This discrepancy is likely due to the fact the G5’s display has a bit more power behind it. Neither panel performs particularly well in bright sunlight. You can still check the time and read your emails, but even at maximum brightness, glare is very obvious.


Moto G5 and G5 Plus review: Still the best budget phones

The next version of Android, simply called “O” for now, is already available for developers to poke around. It would be slightly disappointing, then, if your new phone didn’t have a relatively fresh public release out of the box, which is something I’ve experienced recently. Thankfully, both Moto G5s are running Android 7.0 Nougat. It may not appear to be lightyears ahead of Marshmallow, but many of the tweaks are hidden, designed to improve performance and stability, among other things.

If you’re not familiar with the functionality specific to Nougat, there’s little to catch up on. You can now run apps side by side, similar to how the deceased Xbox One Snap feature works. Except here, running two apps on a 5-inchish display isn’t particularly useful; switching between full-screen apps typically gets the job done more comfortably. This leaves the richer notification drawer as the only genuinely useful improvement. The way it groups notifications and allows you to expand your recent emails (as an example) so you can see progressively more info after every tap is neat. This means you can do more micromanaging within the drawer, instead of having to go into individual apps.

Motorola has never been one to stray too far from stock Android, and the G5s are no exception. Better yet, the few customizations the company included are all much appreciated. Motorola’s circular clock widget, which shows the time, date, local weather and remaining battery charge is gorgeously minimalist. Also, the icon to bring up the app drawer has been removed and replaced with an arguably more natural up-swipe gesture, giving you an empty spot for another homescreen shortcut.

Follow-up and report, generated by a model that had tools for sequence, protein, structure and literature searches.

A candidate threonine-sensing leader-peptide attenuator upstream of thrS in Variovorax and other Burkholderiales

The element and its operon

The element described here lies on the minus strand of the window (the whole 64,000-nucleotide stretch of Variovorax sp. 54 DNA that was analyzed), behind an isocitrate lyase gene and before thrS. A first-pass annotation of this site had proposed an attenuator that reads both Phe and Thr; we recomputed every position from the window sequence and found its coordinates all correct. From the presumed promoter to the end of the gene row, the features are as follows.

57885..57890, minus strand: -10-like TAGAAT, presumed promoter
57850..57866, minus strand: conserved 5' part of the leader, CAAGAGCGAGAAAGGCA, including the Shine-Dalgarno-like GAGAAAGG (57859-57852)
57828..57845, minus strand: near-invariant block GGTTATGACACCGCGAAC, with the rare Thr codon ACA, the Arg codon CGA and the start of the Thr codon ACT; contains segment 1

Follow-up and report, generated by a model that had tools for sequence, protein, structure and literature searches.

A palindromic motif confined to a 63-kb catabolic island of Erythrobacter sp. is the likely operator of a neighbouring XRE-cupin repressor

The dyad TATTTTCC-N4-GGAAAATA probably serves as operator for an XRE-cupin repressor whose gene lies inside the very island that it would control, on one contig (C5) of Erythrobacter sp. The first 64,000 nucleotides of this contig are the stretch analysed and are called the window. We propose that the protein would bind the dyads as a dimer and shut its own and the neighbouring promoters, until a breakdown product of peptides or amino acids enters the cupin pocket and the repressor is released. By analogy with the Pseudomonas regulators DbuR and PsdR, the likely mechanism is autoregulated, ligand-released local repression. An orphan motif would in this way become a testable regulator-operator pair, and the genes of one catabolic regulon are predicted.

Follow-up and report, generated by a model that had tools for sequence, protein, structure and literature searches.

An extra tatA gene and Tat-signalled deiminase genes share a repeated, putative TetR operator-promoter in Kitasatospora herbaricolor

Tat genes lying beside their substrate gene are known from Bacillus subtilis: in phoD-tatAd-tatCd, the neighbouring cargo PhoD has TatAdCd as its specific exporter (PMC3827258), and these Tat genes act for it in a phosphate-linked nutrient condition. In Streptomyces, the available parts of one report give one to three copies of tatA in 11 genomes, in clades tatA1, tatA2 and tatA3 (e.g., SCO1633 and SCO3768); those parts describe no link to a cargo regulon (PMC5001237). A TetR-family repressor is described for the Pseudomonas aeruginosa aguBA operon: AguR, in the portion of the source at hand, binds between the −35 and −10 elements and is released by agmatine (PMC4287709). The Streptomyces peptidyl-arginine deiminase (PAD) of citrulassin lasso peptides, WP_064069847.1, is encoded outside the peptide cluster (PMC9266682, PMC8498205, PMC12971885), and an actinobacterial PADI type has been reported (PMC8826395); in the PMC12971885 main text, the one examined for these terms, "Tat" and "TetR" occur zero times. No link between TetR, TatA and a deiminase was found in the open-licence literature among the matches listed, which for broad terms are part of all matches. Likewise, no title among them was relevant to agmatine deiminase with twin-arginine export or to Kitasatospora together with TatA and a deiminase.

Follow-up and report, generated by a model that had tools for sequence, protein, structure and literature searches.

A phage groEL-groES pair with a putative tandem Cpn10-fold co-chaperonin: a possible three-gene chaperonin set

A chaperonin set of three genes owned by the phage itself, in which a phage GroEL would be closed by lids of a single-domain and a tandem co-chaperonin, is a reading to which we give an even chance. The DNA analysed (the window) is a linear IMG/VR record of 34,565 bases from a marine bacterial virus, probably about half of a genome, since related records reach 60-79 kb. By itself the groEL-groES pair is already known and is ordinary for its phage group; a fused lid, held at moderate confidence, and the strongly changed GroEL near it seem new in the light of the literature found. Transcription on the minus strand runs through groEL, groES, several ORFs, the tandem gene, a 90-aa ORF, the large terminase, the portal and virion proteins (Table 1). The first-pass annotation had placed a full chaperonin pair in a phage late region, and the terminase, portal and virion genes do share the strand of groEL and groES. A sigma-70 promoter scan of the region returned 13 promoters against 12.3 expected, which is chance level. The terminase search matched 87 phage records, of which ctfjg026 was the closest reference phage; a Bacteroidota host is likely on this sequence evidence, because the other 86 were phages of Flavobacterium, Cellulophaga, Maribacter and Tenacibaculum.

With one-button navigation, you can also free up space on the screen by using the fingerprint sensor as all three standard Android keys. You tap it as if it’s a normal home button and swipe left for back or right for recents.

Moto G5 and G5 Plus review: Still the best budget phones

The handy little tweaks continue on the lockscreen, should you choose to enable Motorola’s special notifications feature. Move the phone to any degree after it’s been left alone for a few seconds and the time plus a record of any unchecked notifications will briefly flash on the screen. Hold your finger on any of the bubble icons signaling something unseen, and it expands to show more info. From there, opening it fully or dismissing it is only a swipe away. It’s not a revolutionary new take on lockscreen notifications by any means; it just looks prettier than the white bars you get when you fully wake your phone.

By far the best feature contributions by Motorola are the whole-phone gestures you can enable. Without needing to unlock the G5 and G5 Plus, two successive chop motions turns the flashlight on, while two wrist twists opens the camera. They may sound gimmicky but the camera quick-launch feature is genuinely the first I’ve found myself using naturally, probably because it’s so physical (as opposed to more fiddly implementations like entering the Konami code on a volume rocker). It certainly made grabbing camera samples on both phones while strolling around London much more spontaneous.

Otherwise, the G5s run the flavor of Nougat you know and like, with Motorola slipping in only helpful additions that don’t hinder Android performance.


Moto G5 and G5 Plus review: Still the best budget phones